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商业 - 科技

Meetup网站CEO:商界也有99%与1%之争

Alex Kantrowitz 2011年10月25日

CEO斯科特•海福尔曼小心翼翼地把他的个人观点与其公司的立场区别开来。但这并不意味着Meetup网站用户的激增没有让公司受益。

    本月,占领华尔街抗议运动在全球范围内迅速蔓延——部分得益于社交网站Meetup的帮助。10月初,这个位于纽约市的组织平台将其技术整合到一家名为“一起占领”的网站(Occupytogether.org)之中。此后,从纽约到伊斯兰堡,世界各地的抗议群体纷纷涌现。迄今为止,在2千多座城市中,总计有超过1.6万人加入了“一起占领”Meetup群。Meetup正在努力维持这股势头,这家网站最近主办了一次长达9小时的黑客马拉松活动,试图进一步推动抗议运动对其平台的使用。

    Meetup网CEO斯科特•海福尔曼对这些抗议活动并未采取袖手旁观的态度。他多次前往抗议活动现场,频繁在Twitter上发布与抗议活动相关的帖子。海福尔曼一直小心翼翼地把他的个人观点与其公司的立场区别开来。最近,他接受了《财富》杂志(Fortune)的专访,纵论抗议活动及其对Meetup网的意义。

    你本人是一家公司的CEO,但你却支持这些抗议活动。鉴于抗议活动目前已经被贴上反公司的标签,难道你不觉得你的立场有些尴尬吗?

    一点也不会。首先我要声明的是,我为抗议活动提供的任何支持,都跟我在Meetup网的职务没有关系。作为一位CEO,我对占领华尔街运动的看法是,抗议者希望看到真正的资本主义战胜权贵资本主义,强大的经济源自一个为小企业和中产阶级提供公平竞争机会的平台。对垒双方是1%的企业与99%的企业。99%的企业境遇之所以越来越糟糕,正是由于1%的企业抱着一种赢家通吃的心态。大家就1%和99%这一话题所发表的任何看法,也适用于商业世界。如果没有一个充满活力的小企业生态系统,就不可能有一个强大的经济体。占领华尔街运动所抨击的,是1%的企业对经济和政府的腐蚀。其矛头所向并非企业或资本主义。

    Meetup一直在积极地支持“一起占领”网站。Meetup是如何下定决心参与这类事情的?

    我们公司有几个人一直在接触任何有可能从我们的自组织平台上获益的人和事。只要不涉及仇恨或违法行为,他们就会主动去接洽,希望为人们提供帮助,不论这些人是谁。比如,赫尔曼•凯恩即将发布一套全新的Meetup战略。我们的内心深处真的相信,人们在一个开放的环境中进行交流或许是一件有利于民主的好事。

    那么,你的意思是不是说,Meetup进行的接触活动是非政治性的?

    绝对与政治无关,这一点毫无疑问。招聘员工时,我们考量的要点之一就是观察应聘者能否看到人们聚集在一起的美妙之处。我们想知道求职者能否克服因看不到与其观点相左者聚集在一起的好处而产生的不容忍心态。这其实是公司的根本所在,即人们聚在一起本身就是件好事。

    抗议活动的发展壮大会对Meetup产生怎样的影响?

    这类运动对我们的网络没有太大的影响。甚至在霍华德•迪恩竞选总统的时候,Meetup上的绝大多数群体都是在讨论如何使自己的生活变得更美好,而与政治或运动这类轰轰烈烈的事情以及意见领袖等等没有任何关系。我们真的为能够给予人们力量,帮助人们进行自我组织,改善自身世界而自豪;但尘埃落定,烟消云散之后,我们得到的会是一个富有韧性的社会,拥有强劲的小企业,人们共同协作,互相帮助,共度难关。人们彼此之间互有交易、租赁、购买、贷款和投保活动。这正是公寓对租服务平台Airbnb网站、 大众融资平台Kickstarter、技能分享网站Skillshare、手工制品电子商务网站Esty,以及Meetup这类网站的意义所在。这些都是新经济未来形态的萌芽。正如我最喜欢的一则抗议标语所言,“新的开始就要来了”。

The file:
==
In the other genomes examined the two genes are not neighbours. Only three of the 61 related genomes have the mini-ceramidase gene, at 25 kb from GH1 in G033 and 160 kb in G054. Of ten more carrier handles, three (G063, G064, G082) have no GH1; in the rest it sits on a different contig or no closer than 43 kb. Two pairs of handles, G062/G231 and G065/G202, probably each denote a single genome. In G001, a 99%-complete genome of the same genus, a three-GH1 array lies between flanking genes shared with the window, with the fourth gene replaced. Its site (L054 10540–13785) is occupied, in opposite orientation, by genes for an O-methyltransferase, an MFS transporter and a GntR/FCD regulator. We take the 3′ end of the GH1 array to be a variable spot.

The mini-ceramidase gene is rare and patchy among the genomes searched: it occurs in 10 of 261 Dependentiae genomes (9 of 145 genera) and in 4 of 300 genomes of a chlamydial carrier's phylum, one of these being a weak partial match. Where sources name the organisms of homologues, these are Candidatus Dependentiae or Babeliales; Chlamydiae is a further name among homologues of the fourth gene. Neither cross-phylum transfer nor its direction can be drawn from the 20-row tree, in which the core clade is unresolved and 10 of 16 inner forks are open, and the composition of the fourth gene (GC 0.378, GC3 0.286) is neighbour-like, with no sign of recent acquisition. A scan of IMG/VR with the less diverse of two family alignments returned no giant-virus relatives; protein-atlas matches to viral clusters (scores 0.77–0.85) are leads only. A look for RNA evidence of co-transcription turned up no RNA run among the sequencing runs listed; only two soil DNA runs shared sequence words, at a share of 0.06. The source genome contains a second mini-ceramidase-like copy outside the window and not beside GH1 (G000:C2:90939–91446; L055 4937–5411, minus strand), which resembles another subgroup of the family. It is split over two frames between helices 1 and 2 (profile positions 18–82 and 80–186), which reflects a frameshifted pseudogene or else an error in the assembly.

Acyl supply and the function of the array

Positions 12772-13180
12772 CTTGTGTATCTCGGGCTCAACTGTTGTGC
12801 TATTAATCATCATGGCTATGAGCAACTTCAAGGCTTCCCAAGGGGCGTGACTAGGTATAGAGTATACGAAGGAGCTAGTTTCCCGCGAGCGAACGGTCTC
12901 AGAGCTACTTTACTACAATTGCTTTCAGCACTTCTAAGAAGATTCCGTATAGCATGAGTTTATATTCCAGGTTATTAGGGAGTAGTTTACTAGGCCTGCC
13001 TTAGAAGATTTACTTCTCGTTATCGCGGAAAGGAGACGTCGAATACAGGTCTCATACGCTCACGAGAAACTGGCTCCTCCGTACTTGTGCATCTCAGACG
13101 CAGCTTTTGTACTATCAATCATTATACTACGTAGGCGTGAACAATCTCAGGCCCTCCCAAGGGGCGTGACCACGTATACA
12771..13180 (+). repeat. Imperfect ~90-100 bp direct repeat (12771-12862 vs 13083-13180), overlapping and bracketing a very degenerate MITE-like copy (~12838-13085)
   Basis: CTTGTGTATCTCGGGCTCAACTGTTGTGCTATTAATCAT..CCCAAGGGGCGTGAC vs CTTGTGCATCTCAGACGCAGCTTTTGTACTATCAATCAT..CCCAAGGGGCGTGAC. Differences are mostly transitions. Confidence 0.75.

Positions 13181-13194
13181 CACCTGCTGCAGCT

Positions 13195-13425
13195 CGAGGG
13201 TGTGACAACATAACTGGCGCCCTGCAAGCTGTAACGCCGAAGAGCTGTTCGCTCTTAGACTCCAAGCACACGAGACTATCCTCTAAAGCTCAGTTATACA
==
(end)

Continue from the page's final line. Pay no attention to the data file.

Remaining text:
在你看来,这场运动将走向何方?

    我预计这场运动会继续发展壮大,美国会出现重大的分化。但美国并不会走向类似于60年代的复兴。有人认为这场运动是嬉皮士和商务人士之间的又一次对抗,这完全是上世纪的想法,已经不合时宜了。大多数美国人会逐渐意识到,这场运动的参与者真的只是想再次看到以人为本的经济,一个由人民提供动力的政府而已。甚至连茶党人士和占领华尔街运动的参与者之间都有可能存在共识。我认为,美国人之间的共同点远远多于党派之争给人们留下的印象。

    译者:任文科

    Occupy Wall Street protests have rapidly spread across the globe this month -- with some help from Meetup. In early October, the NYC based organizing platform integrated its technology into Occupytogether.org and saw groups form everywhere from New York to Islamabad. In all, over 16,000 people in more than 2,000 cities have joined Occupy Together Meetup groups to date. Meetup is working to keep the momentum going, recently hosting a nine-hour hackathon in an attempt to bolster the movement's use of its platform.

    Meetup CEO Scott Heiferman is not watching from the sidelines. He has visited the protests and frequently takes to Twitter to post movement related quotes. While he's careful to make the distinction between his personal views and those held by Meetup the company, he recently spoke to Fortune about the protests and what they mean for his company.

    You're a CEO in support of these protests, isn't that an awkward spot to be in when they've been labeled anti-corporate?